Palestinian group until it complies with the demands of the Quartet.
The Quartet of Mideast peace negotiators - The United States, the United Nations, the
European Union and Russia - have stipulated that Hamas must renounce violence, recognize
Israel and abide by previous agreements.
Ramon, speaking at a Kadima faction meeting, criticized Israel's negotiations with the
terror group and voiced hope that the cabinet would soon make a strategic decision not to
accept the Hamas presence along Israel's southern border. "The IDF knows what to do," he
said. "We are not fighting a terror organization, but rather a terror nation called
Ramon's comments marked that first time a minister in the Knesset has confirmed that
Israel was holding direct talks with Hamas.
Prime Minister Ehud Olmert said during the faction meeting that "decision time in the
south is approaching," and that Israel can no longer accept the ongoing rocket fire from
the Gaza Strip into southern Israeli communities.
Jerusalem-Area Arabs Accused of Selling Weapons to PA
The Jerusalem District Police have cleared for publication the news that a group of
Jerusalem-area Arabs have been arrested on charges of trading and selling weapons to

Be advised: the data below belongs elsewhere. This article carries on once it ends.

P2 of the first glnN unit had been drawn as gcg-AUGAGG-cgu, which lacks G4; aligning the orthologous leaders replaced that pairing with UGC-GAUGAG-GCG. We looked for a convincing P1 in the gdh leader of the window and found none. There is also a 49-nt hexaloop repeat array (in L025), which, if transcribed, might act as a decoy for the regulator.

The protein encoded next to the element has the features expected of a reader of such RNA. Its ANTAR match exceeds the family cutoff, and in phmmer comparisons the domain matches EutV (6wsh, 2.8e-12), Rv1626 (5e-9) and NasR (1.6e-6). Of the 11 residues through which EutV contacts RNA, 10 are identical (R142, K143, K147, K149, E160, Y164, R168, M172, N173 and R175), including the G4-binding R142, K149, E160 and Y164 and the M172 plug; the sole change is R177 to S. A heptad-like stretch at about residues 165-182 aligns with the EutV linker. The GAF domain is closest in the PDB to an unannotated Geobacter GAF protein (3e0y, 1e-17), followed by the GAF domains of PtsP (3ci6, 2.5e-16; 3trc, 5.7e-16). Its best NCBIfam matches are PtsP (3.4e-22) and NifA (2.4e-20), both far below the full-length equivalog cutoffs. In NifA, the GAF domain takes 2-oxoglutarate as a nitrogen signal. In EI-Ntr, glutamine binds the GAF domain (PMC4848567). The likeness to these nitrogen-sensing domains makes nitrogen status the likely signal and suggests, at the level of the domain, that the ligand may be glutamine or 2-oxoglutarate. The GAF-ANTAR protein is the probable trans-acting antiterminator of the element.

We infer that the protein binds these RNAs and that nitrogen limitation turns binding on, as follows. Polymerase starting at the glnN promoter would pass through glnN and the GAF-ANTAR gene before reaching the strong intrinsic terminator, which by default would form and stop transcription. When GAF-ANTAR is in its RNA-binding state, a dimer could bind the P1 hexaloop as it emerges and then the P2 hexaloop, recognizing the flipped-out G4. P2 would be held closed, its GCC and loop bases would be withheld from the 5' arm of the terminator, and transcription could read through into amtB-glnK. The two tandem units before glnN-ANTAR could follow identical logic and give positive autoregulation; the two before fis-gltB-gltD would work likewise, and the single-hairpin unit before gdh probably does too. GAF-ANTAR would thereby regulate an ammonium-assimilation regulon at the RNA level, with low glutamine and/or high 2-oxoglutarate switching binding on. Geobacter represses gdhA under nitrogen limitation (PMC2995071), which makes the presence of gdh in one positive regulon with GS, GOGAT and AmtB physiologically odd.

Palestinian Authority residents of Judea and Samaria.
The 13 suspects, who are residents of Shuafat, were arrested in a joint sting operation
by the Israel Police and Border Police over the past several weeks. Each confessed to the
charges against him.
The weapons that were recovered by the police were brought to a munitions laboratory to
determine whether they had been fired.
Meanwhile the IDF approved on Monday the establishment of 20 new PA police stations in
Judea and Samaria as part of the ongoing effort to ease restrictions on Arab life in the
territories. Thus far, four police stations have been established in the areas around the
PA-controlled Samarian cities of Kalkilya and Tulkarm.
The US-trained PA police force is tasked with maintaining law and order in Judea and